10 reasons not to use Linux

In previous articles, we’ve often dedicated time to extolling the virtues of Linux. However, as with Windows and Mac OS X, there are plenty of reasons why the OS with the penguin mascot might not be the best choice for your PC.

Here are our top 10 reasons why you should leave Linux to the geeks and stay loyal to your current OS.

1. Because you’re happy with your current OS

Open source software is all well and good, but when you think of what we actually do with our PCs (reading email, browsing the web, listening to music), there are equally good solutions available for Linux, Windows and Mac. So, why change?

2. You don’t need to know how to build a car if all you want to do is drive

If you can build, program and understand source code then you’re highly-skilled and well done to you. But not everyone wants to do that, nor does everyone have the time to learn. If you can turn on your PC, click a couple of icons and access your favourite programs with no fuss, that’s enough.

3. So as to not look like a geek

All those tech terms might sound cool to someone already using Linux, but let’s face the truth: almost nobody in your circle of friends knows much about this kind of stuff, and you sound weird when you start talking about Gnome, Gimp and Synaptic.

4. Plenty of software, but what about quality?

There are hundreds of applications for Linux but at the end of the day, how many do you really need? We’d rather have one (easy-to-install) program that works perfectly than dozens of tricky, complicated apps that only ever do half of what they’re meant to.

5. The terminal is the Antichrist and wants to destroy us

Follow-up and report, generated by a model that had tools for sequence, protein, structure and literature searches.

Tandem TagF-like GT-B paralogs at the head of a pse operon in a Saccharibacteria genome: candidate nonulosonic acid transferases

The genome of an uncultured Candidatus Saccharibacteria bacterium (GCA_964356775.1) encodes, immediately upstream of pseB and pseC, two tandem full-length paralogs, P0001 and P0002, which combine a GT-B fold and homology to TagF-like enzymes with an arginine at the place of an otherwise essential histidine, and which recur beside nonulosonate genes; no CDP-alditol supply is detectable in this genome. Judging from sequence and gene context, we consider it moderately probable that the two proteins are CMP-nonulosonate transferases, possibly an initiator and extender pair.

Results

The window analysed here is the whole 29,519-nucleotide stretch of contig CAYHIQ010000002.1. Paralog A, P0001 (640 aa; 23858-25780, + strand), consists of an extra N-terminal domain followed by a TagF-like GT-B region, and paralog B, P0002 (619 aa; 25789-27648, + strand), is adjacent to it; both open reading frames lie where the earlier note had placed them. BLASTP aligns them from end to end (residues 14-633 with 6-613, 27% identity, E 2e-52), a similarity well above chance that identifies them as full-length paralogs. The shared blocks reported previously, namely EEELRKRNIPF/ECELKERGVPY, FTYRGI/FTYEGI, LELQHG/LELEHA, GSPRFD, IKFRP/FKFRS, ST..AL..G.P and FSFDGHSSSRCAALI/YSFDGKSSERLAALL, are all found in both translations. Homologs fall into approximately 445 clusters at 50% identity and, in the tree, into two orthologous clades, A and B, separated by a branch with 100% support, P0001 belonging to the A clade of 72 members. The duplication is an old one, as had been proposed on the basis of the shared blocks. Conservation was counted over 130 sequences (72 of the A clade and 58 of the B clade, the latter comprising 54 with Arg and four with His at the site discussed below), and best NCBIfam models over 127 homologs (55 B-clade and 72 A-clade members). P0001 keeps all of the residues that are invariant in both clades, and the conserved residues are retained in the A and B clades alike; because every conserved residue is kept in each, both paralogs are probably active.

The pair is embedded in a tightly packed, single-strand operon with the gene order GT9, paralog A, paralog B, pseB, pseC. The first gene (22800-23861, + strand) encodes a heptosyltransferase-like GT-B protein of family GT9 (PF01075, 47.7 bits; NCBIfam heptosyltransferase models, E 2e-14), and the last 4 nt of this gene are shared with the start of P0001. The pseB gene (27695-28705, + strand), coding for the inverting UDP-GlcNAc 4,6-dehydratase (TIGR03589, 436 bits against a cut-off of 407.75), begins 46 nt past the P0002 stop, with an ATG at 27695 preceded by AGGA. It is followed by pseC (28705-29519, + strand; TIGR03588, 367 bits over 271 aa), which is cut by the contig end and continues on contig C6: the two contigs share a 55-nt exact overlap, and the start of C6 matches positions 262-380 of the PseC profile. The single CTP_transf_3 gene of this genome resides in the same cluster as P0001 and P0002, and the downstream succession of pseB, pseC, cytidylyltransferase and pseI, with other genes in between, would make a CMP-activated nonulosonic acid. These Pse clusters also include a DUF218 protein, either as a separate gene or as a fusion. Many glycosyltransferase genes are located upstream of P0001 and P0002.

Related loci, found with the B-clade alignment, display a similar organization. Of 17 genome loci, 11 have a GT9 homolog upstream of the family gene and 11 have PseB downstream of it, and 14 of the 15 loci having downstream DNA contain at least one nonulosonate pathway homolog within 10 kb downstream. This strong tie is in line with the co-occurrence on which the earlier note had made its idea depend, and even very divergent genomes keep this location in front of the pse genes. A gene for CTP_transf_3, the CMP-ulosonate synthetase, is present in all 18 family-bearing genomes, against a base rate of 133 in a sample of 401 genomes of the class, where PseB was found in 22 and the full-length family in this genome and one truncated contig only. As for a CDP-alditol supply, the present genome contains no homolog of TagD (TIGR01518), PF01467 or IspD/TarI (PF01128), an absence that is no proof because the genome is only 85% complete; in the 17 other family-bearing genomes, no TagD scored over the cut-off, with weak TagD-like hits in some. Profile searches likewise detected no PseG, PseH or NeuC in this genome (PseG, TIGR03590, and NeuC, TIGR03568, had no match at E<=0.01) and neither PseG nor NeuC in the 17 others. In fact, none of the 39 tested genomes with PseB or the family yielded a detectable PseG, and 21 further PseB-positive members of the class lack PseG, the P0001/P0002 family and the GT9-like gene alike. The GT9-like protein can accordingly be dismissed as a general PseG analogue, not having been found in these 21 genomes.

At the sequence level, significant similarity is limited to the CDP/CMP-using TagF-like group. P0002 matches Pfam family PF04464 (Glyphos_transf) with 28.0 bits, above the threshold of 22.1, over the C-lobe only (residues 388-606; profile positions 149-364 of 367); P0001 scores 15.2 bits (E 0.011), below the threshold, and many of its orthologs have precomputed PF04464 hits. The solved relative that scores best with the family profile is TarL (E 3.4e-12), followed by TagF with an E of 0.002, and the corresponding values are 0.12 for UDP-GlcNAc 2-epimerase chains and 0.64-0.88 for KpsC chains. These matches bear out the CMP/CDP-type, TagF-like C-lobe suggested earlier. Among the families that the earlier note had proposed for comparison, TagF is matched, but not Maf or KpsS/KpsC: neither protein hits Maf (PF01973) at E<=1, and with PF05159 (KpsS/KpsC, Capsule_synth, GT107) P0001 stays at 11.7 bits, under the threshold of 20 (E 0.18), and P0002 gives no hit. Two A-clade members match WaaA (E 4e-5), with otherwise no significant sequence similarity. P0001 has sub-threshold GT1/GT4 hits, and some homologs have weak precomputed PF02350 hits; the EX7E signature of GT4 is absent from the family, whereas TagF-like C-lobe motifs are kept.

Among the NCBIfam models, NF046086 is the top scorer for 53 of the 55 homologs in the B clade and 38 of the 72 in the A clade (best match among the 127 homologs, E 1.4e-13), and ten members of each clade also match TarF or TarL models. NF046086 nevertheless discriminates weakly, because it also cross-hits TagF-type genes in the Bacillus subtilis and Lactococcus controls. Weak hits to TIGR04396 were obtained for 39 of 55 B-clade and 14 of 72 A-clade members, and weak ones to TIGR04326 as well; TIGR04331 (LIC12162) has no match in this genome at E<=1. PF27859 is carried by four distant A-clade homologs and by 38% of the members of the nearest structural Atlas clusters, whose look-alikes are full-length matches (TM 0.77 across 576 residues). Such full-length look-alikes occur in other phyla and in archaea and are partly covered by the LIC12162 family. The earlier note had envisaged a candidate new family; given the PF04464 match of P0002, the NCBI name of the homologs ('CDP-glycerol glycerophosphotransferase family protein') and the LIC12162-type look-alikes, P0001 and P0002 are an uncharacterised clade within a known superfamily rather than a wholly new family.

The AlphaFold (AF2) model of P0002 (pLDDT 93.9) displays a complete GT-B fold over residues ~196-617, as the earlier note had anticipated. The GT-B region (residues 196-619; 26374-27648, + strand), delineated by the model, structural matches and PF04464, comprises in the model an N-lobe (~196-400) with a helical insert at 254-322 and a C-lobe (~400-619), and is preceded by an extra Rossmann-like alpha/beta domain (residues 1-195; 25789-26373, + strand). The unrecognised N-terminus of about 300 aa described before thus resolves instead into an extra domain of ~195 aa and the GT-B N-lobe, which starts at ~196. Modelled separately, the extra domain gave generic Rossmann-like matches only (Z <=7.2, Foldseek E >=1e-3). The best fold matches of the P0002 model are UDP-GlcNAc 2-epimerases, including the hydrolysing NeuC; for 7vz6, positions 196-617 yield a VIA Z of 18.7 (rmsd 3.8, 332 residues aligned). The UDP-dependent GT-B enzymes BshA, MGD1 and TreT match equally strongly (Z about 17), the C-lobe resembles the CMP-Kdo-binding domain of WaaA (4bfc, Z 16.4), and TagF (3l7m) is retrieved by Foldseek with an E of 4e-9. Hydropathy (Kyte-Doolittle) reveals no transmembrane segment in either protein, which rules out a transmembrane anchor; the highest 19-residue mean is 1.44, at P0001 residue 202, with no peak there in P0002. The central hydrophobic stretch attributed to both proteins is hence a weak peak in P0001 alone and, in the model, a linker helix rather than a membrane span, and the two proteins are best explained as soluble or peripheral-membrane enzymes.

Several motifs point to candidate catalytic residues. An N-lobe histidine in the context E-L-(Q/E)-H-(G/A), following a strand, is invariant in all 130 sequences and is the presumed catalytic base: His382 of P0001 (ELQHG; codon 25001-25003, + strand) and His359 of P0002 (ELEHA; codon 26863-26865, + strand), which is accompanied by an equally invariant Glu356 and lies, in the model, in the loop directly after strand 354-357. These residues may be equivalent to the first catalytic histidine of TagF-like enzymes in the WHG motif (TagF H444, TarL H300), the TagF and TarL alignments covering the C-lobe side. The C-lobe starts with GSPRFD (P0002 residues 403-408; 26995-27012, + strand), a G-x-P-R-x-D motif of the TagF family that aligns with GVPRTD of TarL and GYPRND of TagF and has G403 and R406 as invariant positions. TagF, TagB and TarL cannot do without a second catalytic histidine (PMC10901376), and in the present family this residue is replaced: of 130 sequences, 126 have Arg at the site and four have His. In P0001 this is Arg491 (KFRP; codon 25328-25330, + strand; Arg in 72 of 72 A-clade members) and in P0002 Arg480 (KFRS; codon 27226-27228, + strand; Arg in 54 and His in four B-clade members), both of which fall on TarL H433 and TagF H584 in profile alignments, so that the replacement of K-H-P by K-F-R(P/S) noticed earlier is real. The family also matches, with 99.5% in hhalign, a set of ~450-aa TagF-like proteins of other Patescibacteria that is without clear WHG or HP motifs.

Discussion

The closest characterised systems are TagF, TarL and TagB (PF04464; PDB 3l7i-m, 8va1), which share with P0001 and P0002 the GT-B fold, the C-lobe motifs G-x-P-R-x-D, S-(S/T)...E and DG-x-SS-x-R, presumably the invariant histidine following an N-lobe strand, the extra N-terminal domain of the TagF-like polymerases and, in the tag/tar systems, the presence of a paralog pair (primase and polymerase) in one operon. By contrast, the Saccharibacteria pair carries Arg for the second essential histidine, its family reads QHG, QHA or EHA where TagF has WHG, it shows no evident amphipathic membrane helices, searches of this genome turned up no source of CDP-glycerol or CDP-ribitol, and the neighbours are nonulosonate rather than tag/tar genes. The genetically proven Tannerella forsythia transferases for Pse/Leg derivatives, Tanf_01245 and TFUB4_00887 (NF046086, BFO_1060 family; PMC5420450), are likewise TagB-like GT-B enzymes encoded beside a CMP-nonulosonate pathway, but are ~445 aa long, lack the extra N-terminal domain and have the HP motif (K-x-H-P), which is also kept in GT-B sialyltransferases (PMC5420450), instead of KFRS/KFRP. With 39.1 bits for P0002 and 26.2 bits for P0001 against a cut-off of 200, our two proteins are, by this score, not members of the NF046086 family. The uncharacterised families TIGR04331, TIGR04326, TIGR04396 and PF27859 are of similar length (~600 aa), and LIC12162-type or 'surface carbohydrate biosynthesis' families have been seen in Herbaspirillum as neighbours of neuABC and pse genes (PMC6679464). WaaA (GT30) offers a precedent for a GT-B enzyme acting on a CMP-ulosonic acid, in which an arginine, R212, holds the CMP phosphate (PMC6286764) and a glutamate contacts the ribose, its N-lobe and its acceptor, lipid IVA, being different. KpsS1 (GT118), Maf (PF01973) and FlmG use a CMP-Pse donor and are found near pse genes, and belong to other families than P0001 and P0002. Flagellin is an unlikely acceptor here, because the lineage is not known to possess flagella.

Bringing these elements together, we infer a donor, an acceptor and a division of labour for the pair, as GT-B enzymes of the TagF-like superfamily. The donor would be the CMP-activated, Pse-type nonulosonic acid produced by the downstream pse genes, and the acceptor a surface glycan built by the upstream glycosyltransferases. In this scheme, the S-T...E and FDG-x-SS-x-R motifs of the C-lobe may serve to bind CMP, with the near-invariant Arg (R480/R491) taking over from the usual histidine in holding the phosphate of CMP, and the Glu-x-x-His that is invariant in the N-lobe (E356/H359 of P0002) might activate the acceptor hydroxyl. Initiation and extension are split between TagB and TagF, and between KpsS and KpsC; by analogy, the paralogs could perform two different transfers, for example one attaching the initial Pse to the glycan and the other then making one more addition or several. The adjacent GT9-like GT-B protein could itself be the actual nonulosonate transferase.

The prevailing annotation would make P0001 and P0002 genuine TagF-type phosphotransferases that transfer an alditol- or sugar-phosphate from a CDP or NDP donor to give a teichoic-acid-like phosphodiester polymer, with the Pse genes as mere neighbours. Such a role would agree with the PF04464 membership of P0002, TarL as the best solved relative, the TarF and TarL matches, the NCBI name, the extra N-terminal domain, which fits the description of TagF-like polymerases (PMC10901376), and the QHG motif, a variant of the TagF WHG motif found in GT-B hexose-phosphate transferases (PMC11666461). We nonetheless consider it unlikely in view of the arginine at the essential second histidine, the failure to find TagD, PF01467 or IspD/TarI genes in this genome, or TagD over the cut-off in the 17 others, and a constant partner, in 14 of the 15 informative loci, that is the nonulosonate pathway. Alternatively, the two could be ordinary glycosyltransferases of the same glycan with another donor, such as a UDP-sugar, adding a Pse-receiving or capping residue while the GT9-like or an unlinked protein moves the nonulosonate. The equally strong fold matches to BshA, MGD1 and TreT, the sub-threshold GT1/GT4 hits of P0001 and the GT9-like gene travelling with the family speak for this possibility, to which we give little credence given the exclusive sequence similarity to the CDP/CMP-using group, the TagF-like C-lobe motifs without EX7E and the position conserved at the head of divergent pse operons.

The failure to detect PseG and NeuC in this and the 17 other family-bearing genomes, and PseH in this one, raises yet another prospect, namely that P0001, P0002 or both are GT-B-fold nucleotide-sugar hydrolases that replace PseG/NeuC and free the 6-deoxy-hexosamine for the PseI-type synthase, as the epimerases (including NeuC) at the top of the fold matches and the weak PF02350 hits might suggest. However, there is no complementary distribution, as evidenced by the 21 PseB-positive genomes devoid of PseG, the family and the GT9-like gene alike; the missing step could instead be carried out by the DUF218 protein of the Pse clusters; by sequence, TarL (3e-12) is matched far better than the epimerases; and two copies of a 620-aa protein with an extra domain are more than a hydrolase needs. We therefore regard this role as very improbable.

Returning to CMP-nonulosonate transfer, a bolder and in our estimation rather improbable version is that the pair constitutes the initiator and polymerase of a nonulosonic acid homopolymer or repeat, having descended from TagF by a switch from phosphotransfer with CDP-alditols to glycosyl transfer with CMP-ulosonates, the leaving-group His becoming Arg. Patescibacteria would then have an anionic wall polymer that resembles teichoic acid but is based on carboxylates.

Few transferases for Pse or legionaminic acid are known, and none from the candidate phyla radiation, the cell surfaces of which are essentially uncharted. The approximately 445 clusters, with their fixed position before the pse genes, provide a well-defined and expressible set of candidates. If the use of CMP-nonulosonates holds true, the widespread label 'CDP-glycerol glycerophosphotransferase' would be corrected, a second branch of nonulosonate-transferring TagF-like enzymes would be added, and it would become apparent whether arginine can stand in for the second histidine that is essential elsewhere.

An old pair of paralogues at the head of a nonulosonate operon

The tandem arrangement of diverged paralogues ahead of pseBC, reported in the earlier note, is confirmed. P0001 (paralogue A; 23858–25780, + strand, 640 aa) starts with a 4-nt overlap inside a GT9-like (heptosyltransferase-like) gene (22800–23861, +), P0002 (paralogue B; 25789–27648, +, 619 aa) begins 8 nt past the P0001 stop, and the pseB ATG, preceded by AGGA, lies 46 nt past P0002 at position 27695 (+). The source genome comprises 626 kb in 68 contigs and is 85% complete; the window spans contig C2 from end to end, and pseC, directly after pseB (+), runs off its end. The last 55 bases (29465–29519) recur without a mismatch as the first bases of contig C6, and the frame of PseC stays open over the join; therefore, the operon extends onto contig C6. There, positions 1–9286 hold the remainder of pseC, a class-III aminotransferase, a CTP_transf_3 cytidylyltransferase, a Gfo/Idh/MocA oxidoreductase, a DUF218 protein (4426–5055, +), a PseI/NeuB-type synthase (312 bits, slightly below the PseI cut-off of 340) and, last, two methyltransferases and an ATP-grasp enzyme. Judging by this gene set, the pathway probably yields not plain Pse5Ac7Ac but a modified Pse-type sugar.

Linux has changed considerably, and in most cases everything is done via windows and mouse clicks. But the terminal is still there, lurking in the darkness just waiting for the moment when you’ll have to use it, so it can respond with messages like “Incorrect command! I don’t know what you’re saying to me…install more packages while you still have space, I’m telling root! Mount point! Mount point!”. Don’t do it. You can lose your patience and your friends if you spend too long in the Terminal Zone.

6. Because getting it to run smoothly is a Herculean task

Some people install Ubuntu on their laptop and everything goes smoothly the first time around. Wi-Fi and webcam included. Urban myths aside, it’s often very difficult to get Linux to work perfectly on your machine, because it doesn’t recognise a peripheral, it’s incompatible with your processor or simply because your video card isn’t up to the high-powered graphical effects in the latest build of your distro. And they complain about Vista!

7. Because if you’re in trouble, nobody will help you

The Linux community is large and has produced any number of manuals and tutorials to help out newbies. There are even distributions with technical support. But when you’re in real trouble (a broken UI or mount issues, for example), you can bet that you’ll be the only person who has ever had that issue. Advice in forums can be useful but it often consists of ‘Read the FAQ’, ‘Please search before asking’ or ‘Right… open the terminal…’ (see point 5).

8. Because at work, everyone uses Windows

Things can get even more annoying if you use specialised applications for your daily tasks. And if you’re using Windows at work, why not use it at home too? Or at least a Mac.

9. Because Apples are cooler than Penguins

Apple has managed to sell products that we end up loving like a friend. Many pray every night for Steve Jobs to bring them a new Mac for Christmas. By contrast, Linux kinda lacks glamour.

10. To be contrary

You want to buck this ‘free software’ trend and stick to the most proprietary stuff you can get your hands on? Windows is your friend.

Oh and 11. Games

[Via: OnSoftware Spain]

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